IR: I grew up singing in the choir at my childhood church from the age of 3, and my mother put me in a Montessori elementary and middle school where music class was required. So I’ve always been a part of and loved music! Starting in middle school, I joined school choir and I also joined a city choir and started learning Italian arias. I went to Booker T. Washington HSPVA [High School for the Performing and Visual Arts] in Dallas, and when I was there I literally did everything. I had opera class, choir, of course, pop ensemble, R&B ensemble — led by the legend Roger Boykin — songwriting club… and this was also where a teacher of mine, Kent Ellington, asked me to start singing in his jazz ensemble, and that really took off for me. So yeah, you have all the institutional music stuff — but then, of course, mom blasting music early Saturday mornings to tell us to wake up and start cleaning the house, her cranking the stereo and swerving the car to the beat when my brother and I got straight A’s on a report card, Dad cruising in his yellow Jag, windows down blasting Mario, Maxwell, John Legend (pre-“Green Light”), or whatever self-made tapes he got from the men outside the barber shop. Music was always around.
JS: My parents showed me a lot of great music. I remember listening to Michael Jackson, Pink Floyd and Beatles albums all the way through as a kid, and just developing an appreciation for deep listening. I was messing around on piano and drums from an early age, but when I started guitar at the age of 9, I started to get more serious about music. I studied with a few different teachers on piano and guitar, and started writing and recording music pretty obsessively around the age of 12. From there, I played in a few different bands, one of which was a Beatles tribute band, where I learned a lot about performing on different instruments and singing.
In high school, I studied at the Milwaukee Youth Symphony Orchestra Jazz program, and started to get more into improvisation. At this time, I got into BadBadNotGood, and they were covering groups like A Tribe Called Quest. I fell in love with their sound. The more I learned about sampling and the evolution of jazz into hip-hop, I was heavily inspired to create music that combines multiple worlds. Music that combines live instrumentation with electronics to create something entirely new. It was also around this time that I started Human Bloom, and then kept the project going at Columbia College Chicago, where I continued to learn new concepts and meet incredible musicians.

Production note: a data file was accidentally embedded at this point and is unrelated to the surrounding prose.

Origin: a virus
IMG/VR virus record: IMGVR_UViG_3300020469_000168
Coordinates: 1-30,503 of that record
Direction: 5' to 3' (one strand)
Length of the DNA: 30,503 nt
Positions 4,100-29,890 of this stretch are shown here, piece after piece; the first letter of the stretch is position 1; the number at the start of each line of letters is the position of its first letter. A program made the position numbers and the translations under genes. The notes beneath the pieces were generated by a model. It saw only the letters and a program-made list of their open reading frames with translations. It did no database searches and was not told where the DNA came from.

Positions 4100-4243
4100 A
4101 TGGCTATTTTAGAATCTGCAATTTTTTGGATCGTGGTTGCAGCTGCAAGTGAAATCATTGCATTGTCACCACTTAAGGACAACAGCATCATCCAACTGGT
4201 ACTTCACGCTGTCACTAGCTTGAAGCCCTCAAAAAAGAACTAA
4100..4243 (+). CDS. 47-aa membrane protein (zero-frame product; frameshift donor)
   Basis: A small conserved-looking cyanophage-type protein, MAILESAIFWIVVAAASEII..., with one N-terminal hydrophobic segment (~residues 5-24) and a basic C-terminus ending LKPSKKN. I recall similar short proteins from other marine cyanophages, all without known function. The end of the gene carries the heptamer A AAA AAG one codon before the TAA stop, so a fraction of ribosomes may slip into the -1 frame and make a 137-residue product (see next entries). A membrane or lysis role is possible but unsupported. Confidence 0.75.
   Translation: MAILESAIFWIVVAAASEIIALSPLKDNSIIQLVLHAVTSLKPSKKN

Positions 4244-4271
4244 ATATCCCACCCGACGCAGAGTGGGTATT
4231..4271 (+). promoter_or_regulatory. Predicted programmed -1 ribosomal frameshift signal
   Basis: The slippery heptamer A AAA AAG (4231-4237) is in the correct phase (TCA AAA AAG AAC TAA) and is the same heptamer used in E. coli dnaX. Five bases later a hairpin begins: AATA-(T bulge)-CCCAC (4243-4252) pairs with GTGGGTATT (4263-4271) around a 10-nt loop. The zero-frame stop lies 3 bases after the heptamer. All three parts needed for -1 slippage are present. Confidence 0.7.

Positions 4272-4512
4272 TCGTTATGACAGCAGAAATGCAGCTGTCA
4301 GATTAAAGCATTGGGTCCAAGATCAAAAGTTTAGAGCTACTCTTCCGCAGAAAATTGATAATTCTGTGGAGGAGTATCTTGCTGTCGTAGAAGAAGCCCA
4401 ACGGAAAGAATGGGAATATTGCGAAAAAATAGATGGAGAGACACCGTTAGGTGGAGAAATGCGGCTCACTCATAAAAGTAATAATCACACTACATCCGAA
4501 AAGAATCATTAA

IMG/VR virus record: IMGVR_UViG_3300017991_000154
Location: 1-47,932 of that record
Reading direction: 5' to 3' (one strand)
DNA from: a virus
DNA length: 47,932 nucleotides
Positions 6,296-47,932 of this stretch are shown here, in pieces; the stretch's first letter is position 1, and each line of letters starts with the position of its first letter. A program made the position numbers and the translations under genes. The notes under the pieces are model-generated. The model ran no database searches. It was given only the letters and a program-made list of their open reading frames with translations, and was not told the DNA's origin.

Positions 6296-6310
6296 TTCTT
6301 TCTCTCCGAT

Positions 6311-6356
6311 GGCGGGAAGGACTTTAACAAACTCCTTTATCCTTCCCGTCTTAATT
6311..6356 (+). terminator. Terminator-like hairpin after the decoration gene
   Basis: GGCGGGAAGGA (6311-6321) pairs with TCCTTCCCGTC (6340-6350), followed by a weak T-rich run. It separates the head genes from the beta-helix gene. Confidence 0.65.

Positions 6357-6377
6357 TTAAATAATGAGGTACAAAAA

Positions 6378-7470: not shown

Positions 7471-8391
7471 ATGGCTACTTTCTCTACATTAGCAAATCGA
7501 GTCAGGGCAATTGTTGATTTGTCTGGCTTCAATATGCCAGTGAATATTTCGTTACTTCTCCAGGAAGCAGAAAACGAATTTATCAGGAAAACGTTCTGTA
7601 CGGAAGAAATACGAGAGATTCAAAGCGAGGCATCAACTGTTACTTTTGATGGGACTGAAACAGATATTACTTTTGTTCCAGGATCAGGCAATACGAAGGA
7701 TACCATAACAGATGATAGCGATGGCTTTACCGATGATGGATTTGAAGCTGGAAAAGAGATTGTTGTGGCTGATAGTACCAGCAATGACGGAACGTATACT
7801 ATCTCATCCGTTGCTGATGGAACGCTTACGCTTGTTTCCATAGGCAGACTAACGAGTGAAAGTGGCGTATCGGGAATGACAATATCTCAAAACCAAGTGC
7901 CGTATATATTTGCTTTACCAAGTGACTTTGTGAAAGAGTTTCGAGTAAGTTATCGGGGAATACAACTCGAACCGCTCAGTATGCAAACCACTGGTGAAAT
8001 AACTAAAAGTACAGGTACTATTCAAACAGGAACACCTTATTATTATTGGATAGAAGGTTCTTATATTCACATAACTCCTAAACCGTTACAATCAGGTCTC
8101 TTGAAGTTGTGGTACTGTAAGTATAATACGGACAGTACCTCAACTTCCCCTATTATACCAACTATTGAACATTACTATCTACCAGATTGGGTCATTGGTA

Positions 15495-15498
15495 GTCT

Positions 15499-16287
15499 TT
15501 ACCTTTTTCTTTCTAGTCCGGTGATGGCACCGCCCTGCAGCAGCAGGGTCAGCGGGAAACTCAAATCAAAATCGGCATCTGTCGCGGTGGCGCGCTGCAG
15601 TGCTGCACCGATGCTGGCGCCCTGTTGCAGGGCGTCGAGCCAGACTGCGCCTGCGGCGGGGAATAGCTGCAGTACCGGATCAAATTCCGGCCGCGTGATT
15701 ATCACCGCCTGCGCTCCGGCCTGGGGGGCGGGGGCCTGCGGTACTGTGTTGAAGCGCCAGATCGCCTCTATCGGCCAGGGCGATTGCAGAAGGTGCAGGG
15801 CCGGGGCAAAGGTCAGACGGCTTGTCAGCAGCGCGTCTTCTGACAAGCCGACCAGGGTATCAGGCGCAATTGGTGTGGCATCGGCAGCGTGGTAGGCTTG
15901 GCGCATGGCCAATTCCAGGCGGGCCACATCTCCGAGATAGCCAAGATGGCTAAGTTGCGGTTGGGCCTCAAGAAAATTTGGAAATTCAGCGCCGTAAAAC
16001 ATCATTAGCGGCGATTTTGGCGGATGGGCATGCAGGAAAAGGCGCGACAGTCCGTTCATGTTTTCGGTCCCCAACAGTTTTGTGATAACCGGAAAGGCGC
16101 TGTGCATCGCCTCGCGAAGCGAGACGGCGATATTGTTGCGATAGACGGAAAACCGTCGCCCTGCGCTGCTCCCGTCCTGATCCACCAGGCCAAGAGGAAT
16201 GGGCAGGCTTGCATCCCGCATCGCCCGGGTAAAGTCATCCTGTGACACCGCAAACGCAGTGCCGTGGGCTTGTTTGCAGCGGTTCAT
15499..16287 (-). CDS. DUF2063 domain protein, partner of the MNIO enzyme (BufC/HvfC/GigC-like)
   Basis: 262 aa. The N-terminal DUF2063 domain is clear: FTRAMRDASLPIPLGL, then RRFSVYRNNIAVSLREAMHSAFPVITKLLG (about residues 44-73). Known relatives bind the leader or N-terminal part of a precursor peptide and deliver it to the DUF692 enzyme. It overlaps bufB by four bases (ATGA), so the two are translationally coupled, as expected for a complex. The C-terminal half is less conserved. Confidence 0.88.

It’s evident you’re a power duo when it comes to writing music. Do you play all the instrumentals on your records?
JS: On some songs, It’s just Imani and I playing and singing everything. Sometimes we’ll feature other musicians around the city or use musicians from our core live band. That band usually includes Leonard Maddox on Drums, Brendan Doshi on keys, Joshua Griffin on bass, and John Cunningham on sax. Going forward, I would like to explore sampling more.
IR: So Jackson plays a lot of instruments, and usually a lot of the synth and percussion stuff is him playing, but not everything. We are lucky to know some of the most talented musicians in Chicago, and we play live shows and record often with Josh Griffin on bass, Leonard Maddox on drums and Brendan Doshi on piano. When we can get them, we love having John Cunningham on sax and Leonard Maddox on pretty much whatever he feels like playing. There have been some other features and collaborations, most recently Club Crib Ent. on the “One by One” single, but those five people are the folks!